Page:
Breast cancer patients, survivors wanted for UPEI exercise study
Programs will run in fall and winter in 12-week sessions
UPEI's applied human sciences department is looking for 15 to 20 people who have or had breast cancer to participate in a 12-week exercise program to determine if exercise will benefit them during treatment and after.
Assistant professor Travis Saunders says the program will be tailored to each person's fitness level and abilities.
"So what we'll do the first week is we'll have them come in, we'll do some basic testing and see sort of where they're at right now and then we'll have a 12-week group program that will happen every week."
Saunders said once the program is complete, follow-up testing will be done with participants to see how much they've improved.
"Have they gotten stronger, do they feel better or that sort of thing at the end of the program."
Physical and mental benefits
Saunders said most people know exercise helps to make people feel better both physically and mentally.
"We really don't have programs for people going through cancer treatment in P.E.I. The idea is to offer this program and to evaluate what are the benefits, what do people like about it, what would they like us to change."
Saunders said the long-term goal is to create a more formal program people could sign up for if they get a cancer diagnosis.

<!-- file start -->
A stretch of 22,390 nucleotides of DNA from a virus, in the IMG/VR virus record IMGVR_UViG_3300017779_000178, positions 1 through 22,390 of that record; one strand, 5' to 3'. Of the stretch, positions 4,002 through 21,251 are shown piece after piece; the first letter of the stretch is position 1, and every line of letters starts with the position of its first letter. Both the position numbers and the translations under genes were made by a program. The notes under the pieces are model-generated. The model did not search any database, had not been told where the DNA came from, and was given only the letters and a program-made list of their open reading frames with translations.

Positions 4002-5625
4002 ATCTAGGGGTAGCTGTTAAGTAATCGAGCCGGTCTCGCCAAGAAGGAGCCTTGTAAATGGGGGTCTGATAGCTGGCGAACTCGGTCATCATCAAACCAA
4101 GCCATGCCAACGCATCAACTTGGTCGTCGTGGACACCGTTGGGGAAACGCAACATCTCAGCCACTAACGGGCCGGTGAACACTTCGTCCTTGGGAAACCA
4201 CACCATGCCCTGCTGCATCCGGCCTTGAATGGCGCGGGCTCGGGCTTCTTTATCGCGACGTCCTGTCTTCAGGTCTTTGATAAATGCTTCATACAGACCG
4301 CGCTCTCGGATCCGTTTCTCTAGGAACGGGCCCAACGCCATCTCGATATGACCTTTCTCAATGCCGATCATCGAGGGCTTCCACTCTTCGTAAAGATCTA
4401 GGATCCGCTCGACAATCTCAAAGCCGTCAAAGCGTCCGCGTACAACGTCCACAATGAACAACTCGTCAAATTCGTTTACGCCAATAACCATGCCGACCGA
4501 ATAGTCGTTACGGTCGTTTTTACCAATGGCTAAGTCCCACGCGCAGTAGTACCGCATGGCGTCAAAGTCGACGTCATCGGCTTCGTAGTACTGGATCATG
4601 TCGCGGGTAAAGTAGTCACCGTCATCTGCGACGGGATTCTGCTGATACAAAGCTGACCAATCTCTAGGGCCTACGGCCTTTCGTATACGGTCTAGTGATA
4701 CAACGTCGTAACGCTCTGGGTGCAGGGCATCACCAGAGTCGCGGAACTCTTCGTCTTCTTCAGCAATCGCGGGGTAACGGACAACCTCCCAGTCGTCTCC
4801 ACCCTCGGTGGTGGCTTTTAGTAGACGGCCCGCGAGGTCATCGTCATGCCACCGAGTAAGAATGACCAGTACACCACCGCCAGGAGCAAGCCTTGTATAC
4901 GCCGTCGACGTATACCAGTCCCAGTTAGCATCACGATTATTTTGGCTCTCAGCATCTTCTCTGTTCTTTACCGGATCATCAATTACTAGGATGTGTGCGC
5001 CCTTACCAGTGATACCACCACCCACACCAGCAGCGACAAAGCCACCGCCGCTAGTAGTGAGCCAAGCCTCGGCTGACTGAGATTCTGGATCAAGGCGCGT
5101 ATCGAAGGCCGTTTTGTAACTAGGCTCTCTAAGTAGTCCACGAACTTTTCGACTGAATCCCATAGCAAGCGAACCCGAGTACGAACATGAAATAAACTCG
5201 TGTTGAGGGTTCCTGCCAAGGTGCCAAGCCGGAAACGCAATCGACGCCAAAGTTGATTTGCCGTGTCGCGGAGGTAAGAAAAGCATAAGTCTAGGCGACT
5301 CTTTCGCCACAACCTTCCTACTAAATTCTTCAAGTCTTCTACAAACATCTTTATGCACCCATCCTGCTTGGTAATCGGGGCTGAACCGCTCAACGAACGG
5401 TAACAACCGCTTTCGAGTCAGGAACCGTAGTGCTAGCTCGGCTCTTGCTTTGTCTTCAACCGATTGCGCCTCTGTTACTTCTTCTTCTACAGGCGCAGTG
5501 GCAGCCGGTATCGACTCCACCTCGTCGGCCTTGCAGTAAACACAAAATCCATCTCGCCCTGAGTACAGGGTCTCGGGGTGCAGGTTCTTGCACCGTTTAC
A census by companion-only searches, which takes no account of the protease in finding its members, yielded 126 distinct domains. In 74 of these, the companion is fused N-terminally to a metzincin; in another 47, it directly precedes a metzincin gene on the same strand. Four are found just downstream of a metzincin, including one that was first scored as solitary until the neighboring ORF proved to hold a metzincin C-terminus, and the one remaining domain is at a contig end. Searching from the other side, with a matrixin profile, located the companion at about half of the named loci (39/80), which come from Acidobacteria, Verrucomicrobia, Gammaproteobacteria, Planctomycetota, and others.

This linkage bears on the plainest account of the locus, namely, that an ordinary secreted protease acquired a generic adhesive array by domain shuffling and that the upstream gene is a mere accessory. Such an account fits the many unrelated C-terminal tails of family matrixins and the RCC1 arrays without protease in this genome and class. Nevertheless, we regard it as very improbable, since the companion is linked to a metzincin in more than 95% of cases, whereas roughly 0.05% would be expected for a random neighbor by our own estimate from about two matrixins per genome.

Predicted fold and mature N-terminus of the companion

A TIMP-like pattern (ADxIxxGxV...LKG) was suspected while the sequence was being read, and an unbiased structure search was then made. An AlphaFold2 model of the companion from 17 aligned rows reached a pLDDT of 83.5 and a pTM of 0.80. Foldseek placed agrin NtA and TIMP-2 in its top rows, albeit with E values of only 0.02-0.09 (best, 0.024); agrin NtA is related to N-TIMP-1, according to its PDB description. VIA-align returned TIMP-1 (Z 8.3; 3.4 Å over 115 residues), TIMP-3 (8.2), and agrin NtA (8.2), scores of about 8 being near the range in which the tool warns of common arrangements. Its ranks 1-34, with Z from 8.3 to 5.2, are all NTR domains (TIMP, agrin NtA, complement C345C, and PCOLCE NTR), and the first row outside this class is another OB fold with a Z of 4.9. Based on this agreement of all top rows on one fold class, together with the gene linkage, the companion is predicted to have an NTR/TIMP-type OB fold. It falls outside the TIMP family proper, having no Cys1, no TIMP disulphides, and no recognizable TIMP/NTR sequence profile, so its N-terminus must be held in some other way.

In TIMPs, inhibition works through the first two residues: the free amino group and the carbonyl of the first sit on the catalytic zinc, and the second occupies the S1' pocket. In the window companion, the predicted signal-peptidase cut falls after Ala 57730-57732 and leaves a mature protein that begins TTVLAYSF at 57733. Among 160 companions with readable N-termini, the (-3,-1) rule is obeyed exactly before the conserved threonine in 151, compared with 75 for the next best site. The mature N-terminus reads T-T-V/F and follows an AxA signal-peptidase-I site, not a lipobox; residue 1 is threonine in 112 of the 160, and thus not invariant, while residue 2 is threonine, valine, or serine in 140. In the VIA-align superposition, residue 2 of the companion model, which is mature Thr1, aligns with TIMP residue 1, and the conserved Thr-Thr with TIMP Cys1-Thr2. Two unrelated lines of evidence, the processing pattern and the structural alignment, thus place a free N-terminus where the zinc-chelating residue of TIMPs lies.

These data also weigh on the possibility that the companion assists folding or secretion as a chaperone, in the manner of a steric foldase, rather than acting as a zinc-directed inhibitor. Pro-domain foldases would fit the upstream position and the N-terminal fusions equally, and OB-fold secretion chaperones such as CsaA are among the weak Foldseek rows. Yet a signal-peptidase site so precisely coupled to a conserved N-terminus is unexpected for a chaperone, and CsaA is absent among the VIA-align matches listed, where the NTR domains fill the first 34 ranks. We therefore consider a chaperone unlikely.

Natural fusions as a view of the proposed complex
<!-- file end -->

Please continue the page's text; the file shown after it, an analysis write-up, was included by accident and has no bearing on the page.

The plan is to have two exercise programs — one in the fall, the other in the winter. Saunders encourages people to contact him to see if they would be a good fit for the program.
Participants will perform low to moderate resistance exercise and aerobic exercise at stations set up in the lab.
"You will move through the course and over that 30 to 40 minutes you will get a nice overall workout."
While things like stamina and mobility will be measured, Saunders said they will look at improvements in functional fitness to help with things in their day-to-day lives.
"We'll also have a lot of questions related to people's mental health, their symptoms related to their cancer treatment, because we know those things often improve more than the actual physical measures," he said.
"We really want to know not just can you walk farther, can you lift more weight but do you feel better, and are you less tired, are you sleeping better cause those things are also really important to people's health."
Saunders said the fall session will be starting the week of Sept. 10 but those interested can join any time.
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With files from Laura Chapin